ABSTRACT In 2011 Kramadibarata et al. curve slope stability has been developed using dimensional analysis as applied to open pit coal. In principle, the stability curve has been able to answer the open pit slope stability conditions of coal in Indonesia are more influenced by the relatively high rainfall, resulting in decreased strength (deterioration) in the rock. Other factors are also considered in the stability curve is the change in dimensions, the orientation of the field discontinuities and shear strength characteristics of rocks. However, these curves have not been able to explain the failure failure probability (FP) slope due to the variation in the factors to be input parameters. The method used in determining the FP value of slope is a point estimate method (PEM). The results showed that FP values of the stability curve of 10.2% is more pessimistic than the curve Hoek & Bray (0.1%) and Bishop's slice method (0.4%). These results provide an indication that the slope stability is not just rely on the safety factor (SF), but should also look at the failure probability (FP).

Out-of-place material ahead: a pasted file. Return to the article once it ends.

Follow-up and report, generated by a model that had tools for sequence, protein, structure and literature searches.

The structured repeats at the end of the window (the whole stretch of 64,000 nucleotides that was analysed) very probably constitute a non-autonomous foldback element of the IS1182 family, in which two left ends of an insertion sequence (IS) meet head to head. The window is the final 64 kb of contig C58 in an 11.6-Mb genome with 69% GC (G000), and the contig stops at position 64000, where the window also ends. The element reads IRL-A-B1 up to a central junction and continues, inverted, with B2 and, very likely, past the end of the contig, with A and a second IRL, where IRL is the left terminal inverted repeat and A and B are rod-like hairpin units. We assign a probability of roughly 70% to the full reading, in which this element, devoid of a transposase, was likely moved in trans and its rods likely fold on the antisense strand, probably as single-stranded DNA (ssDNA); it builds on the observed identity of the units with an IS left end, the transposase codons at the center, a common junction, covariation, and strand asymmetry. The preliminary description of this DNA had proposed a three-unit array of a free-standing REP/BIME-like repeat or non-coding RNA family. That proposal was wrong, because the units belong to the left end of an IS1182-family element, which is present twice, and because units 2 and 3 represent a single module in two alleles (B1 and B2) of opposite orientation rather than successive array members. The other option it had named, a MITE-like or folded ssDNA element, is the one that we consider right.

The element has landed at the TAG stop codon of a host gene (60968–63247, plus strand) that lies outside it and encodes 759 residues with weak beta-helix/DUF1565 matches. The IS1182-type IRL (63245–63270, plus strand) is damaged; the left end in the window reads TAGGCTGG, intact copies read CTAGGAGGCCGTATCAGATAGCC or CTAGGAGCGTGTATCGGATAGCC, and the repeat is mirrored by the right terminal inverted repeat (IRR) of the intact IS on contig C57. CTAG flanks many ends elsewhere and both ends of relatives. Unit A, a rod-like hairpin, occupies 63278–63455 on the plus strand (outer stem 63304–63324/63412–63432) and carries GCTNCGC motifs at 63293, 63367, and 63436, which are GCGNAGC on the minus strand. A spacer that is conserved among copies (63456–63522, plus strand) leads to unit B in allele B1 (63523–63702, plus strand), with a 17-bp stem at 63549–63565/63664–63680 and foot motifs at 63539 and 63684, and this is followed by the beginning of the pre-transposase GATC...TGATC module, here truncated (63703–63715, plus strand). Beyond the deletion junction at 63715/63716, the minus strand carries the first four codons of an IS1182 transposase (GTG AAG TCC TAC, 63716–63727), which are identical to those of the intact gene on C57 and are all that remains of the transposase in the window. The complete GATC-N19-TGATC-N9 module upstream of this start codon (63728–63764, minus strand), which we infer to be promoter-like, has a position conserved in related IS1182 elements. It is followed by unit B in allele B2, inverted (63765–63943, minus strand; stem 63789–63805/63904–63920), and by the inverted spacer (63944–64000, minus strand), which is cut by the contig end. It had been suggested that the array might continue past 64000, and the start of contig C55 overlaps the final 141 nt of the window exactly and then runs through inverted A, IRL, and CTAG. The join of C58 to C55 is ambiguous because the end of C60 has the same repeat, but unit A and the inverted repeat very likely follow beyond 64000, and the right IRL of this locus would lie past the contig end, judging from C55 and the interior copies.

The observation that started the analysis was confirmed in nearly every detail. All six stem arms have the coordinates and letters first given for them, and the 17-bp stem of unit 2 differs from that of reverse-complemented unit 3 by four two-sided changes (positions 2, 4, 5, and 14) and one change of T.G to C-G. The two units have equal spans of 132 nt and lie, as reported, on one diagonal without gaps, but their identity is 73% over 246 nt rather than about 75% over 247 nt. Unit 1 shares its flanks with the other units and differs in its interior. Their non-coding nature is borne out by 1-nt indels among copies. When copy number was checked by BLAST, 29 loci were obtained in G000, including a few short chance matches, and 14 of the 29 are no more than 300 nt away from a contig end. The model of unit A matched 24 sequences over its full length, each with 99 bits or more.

Proceedings Papers

Paper presented at the ISRM International Symposium - 6th Asian Rock Mechanics Symposium, October 23–27, 2010

Paper Number: ISRM-ARMS6-2010-127

... fields), we have an upper bound for ultimate failure load. So that if this loads affect the structure, it will certainly collapse. It is quite difficult to directly introduce

**criteria**into the plastic limit analysis. A numerical technique based on the nonlinear mathematical programming will be developed...
Abstract